Measuring Impact of Simulation-Based Informed Consent Training on Surgical Intern’s Long-Term Confidence
Gwyneth A. Sullivan, Kelly Harmon, Genevieve F. Gill-Wiehl, Seungjun Kim, Jose M. Velasco, Edie Y. Chan, Scott W. Schimpke
Journal of Surgical Education, 24 March 2023
Our objective was to evaluate the outcome of a training program on long-term confidence of interns and attending physicians.
In this prospective cohort study, general surgery interns underwent a training program on informed consent that involved didactics, standardized patient encounters, and supplemental procedure specific guides at the start of the academic year. At the end of the academic year, we surveyed interns from the classes of 2020 (trained) and 2019 (untrained) about their experience and confidence in obtaining an informed consent. Further, we queried attending physicians on their experience and confidence in the interns at the end of each academic year.
Single academic general surgery residency program based at 2 urban tertiary hospitals.
General surgery interns including unmatched preliminary residents and categorical interns from general surgery, interventional radiology, and urology.
Twenty-four incoming interns participated in the training program. Intern confidence discussing operation benefits improved from a median score of 4 to 5 (p = 0.03), and total confidence improved from a median score of 15 to 17.5 (p = 0.08). There was no difference in median total confidence scores (15 vs. 17.5; p = 0.21) between classes. Attending physicians had similar median total confidence scores following intervention (10 vs. 11; p = 0.87). Intern satisfaction was 80% with the didactic session, and 90% with standardized patient encounters. Twenty percent of learners used the supplemental procedure specific guides.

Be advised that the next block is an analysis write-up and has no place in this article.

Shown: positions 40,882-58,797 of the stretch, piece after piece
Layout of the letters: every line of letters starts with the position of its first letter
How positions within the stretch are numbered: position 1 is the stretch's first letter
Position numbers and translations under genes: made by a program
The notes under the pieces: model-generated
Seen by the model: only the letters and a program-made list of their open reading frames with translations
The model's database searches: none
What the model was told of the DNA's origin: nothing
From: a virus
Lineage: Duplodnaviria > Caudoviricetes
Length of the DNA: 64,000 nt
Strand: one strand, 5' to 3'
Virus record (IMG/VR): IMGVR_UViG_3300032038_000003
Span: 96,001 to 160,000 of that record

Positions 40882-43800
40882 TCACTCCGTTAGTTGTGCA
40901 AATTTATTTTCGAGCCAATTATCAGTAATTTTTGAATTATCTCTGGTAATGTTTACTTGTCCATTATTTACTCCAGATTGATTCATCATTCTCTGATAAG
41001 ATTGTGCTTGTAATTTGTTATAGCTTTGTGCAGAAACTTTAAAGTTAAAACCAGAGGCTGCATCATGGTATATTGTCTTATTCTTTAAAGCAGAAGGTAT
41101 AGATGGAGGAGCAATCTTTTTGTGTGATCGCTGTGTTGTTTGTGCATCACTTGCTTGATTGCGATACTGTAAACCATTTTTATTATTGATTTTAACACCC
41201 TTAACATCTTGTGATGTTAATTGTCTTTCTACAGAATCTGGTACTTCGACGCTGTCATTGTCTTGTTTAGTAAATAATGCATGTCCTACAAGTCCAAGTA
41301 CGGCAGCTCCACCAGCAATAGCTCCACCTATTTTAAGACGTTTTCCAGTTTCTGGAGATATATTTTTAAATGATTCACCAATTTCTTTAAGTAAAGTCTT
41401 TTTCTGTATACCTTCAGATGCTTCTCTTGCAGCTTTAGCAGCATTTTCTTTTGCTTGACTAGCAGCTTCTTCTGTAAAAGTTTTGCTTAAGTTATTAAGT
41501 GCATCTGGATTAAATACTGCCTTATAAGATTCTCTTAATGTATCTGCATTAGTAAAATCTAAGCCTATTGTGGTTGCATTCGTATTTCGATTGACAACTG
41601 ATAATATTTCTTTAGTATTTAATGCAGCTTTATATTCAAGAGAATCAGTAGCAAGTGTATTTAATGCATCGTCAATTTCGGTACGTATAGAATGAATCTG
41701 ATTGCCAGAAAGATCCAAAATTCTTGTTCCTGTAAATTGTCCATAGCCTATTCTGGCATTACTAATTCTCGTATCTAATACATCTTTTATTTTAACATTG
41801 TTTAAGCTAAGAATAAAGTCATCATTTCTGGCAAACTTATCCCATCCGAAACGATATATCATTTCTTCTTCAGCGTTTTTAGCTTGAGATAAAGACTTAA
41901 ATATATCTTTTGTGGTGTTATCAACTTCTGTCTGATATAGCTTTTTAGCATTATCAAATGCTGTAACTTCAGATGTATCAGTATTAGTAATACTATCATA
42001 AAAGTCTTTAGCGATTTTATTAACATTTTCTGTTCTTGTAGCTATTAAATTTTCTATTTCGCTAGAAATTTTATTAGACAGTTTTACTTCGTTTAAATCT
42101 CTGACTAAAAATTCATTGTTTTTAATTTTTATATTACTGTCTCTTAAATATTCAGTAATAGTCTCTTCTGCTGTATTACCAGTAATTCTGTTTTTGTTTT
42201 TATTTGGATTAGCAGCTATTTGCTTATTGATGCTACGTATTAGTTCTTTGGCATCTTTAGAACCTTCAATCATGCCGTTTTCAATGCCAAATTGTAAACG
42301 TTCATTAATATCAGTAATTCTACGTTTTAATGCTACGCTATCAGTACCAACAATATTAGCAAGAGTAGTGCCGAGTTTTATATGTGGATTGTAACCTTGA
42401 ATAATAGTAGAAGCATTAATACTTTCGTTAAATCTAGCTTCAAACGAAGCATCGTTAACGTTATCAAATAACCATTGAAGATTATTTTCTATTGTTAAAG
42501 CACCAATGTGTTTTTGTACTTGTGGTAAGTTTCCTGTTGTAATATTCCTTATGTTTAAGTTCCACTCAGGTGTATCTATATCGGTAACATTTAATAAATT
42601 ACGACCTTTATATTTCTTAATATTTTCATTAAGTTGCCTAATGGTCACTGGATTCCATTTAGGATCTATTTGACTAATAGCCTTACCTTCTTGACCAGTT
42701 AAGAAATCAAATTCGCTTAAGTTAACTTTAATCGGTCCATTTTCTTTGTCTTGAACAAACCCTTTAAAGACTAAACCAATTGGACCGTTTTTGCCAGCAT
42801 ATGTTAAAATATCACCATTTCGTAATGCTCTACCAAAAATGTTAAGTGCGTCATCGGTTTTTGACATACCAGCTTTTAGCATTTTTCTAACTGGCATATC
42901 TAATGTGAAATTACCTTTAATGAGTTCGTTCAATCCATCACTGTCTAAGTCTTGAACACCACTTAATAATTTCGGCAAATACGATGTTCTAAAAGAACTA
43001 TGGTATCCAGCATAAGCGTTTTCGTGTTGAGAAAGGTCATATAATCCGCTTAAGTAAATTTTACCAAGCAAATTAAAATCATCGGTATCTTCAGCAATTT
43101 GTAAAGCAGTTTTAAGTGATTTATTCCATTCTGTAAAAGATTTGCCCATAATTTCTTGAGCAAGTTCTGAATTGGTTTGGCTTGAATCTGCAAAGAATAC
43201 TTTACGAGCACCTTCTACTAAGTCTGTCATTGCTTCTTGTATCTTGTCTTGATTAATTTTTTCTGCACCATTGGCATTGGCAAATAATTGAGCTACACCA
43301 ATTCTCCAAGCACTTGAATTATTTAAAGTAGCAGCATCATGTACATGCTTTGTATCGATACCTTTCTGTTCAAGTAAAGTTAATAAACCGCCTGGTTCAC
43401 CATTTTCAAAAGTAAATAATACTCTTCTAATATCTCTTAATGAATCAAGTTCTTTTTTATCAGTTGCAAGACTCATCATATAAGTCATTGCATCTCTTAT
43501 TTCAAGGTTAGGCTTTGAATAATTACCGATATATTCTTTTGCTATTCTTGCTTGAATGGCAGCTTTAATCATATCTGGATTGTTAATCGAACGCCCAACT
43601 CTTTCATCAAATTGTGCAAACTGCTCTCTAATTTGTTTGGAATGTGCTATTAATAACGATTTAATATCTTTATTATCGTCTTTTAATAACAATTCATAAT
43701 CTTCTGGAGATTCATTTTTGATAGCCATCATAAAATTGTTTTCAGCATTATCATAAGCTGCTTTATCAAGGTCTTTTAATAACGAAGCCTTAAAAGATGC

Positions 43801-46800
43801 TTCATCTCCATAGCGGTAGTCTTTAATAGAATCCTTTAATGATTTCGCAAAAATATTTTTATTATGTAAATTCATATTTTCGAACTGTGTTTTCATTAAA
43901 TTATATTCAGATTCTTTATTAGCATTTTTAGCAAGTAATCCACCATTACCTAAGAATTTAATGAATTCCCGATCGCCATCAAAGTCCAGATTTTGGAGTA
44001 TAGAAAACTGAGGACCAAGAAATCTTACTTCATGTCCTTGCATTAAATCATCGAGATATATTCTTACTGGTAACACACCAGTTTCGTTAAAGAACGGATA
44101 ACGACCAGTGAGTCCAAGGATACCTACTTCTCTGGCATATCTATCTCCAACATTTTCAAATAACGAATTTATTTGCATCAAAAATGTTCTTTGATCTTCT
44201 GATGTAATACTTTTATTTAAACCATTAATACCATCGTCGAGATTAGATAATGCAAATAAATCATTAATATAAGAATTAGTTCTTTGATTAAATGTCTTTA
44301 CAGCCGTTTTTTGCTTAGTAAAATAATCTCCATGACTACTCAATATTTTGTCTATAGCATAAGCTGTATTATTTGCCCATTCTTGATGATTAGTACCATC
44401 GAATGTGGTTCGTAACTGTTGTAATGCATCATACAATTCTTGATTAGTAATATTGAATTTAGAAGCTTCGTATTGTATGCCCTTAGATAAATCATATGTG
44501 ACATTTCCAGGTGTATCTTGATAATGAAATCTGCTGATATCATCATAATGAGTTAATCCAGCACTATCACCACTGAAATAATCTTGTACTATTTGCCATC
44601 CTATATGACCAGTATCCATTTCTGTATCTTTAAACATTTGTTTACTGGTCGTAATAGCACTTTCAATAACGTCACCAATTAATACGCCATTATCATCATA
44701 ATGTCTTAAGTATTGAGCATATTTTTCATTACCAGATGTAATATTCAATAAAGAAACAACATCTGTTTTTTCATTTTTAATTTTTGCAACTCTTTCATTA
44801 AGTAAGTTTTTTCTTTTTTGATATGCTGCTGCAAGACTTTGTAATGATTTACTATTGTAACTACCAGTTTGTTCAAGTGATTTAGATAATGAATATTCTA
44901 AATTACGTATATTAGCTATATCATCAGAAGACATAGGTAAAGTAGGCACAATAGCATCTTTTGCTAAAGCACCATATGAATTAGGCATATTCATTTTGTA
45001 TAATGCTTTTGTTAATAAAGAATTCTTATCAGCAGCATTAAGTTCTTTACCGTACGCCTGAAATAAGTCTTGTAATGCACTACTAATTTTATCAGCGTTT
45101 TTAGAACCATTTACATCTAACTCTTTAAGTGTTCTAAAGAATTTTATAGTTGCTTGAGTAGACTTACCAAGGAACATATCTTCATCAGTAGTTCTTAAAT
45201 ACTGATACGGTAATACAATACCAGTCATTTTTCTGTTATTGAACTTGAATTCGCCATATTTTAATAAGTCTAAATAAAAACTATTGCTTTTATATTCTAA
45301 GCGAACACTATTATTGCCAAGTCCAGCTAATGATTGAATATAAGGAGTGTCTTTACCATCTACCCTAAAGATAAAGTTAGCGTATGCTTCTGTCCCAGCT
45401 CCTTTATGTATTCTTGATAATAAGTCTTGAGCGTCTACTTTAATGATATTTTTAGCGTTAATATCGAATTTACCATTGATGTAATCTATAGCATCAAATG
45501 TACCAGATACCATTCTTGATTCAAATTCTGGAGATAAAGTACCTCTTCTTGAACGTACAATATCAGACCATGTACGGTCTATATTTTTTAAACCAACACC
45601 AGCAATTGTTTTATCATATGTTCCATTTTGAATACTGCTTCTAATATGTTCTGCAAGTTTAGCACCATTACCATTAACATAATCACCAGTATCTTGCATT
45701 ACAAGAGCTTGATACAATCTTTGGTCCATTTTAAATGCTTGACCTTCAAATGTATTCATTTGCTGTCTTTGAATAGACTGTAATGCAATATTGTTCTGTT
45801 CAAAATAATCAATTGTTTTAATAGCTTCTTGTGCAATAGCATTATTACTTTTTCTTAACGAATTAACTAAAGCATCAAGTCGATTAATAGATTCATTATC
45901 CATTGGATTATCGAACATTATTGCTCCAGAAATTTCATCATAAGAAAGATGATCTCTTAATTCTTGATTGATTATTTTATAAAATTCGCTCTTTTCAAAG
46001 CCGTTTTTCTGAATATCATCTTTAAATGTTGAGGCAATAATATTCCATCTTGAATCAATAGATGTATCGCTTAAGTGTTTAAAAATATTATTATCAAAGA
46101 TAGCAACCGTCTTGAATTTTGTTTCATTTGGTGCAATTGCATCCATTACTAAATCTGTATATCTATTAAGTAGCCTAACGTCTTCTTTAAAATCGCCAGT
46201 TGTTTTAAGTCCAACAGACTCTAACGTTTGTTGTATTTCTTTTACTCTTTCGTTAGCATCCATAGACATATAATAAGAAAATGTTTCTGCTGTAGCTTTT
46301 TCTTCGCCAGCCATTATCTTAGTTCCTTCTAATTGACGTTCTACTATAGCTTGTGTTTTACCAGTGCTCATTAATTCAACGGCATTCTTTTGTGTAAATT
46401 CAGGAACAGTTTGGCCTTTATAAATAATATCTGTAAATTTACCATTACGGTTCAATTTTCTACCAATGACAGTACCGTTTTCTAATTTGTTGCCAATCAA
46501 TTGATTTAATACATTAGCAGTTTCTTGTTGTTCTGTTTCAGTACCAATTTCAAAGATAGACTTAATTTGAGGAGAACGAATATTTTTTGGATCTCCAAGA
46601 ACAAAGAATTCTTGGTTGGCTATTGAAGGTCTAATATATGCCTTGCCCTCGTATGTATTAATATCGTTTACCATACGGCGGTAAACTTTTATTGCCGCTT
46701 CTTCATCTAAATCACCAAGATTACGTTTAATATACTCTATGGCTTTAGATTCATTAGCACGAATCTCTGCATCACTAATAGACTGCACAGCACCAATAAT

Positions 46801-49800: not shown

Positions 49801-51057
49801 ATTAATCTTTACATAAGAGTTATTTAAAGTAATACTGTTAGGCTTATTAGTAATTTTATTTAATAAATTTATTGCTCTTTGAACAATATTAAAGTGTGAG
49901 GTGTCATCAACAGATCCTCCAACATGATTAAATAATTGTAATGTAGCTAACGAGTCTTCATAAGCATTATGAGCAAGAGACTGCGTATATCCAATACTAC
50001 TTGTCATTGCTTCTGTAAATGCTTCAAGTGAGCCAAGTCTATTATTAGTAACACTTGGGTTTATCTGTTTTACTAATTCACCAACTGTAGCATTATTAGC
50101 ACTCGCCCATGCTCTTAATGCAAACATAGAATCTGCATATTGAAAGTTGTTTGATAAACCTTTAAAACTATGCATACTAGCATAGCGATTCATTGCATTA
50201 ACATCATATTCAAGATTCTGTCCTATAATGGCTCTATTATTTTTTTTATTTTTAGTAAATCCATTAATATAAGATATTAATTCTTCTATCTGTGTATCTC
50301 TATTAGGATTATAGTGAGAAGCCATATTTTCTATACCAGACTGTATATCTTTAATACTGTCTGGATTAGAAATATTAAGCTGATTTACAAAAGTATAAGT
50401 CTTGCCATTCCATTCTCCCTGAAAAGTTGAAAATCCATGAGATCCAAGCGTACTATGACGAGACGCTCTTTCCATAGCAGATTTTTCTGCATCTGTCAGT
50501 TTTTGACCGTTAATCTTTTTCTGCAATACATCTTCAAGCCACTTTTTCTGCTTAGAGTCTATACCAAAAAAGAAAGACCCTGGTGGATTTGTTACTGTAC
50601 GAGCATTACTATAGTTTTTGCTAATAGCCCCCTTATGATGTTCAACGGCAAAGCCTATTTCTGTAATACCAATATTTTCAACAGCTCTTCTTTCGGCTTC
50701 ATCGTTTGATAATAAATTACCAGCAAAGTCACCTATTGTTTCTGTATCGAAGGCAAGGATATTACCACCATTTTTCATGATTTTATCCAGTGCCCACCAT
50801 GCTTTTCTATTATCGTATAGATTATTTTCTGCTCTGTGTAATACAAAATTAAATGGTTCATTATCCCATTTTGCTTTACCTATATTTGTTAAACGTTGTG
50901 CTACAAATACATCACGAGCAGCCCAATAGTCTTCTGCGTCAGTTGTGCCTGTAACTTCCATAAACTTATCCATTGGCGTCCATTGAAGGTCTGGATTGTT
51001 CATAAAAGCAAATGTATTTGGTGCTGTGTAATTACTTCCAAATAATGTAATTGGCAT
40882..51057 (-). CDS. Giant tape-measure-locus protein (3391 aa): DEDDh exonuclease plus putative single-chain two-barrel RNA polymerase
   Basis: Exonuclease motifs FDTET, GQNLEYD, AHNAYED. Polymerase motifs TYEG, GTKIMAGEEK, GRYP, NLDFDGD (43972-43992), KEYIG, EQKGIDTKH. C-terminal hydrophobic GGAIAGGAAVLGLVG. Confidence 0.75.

Implementation of an intern targeted program on informed consent that incorporated didactics and standardized patient encounters was viewed as useful and may contribute to long-term improvements in confidence.
Editor’s note: The publication refers to research conducted by members of Rush University Medical Center in Chicago, Illinois.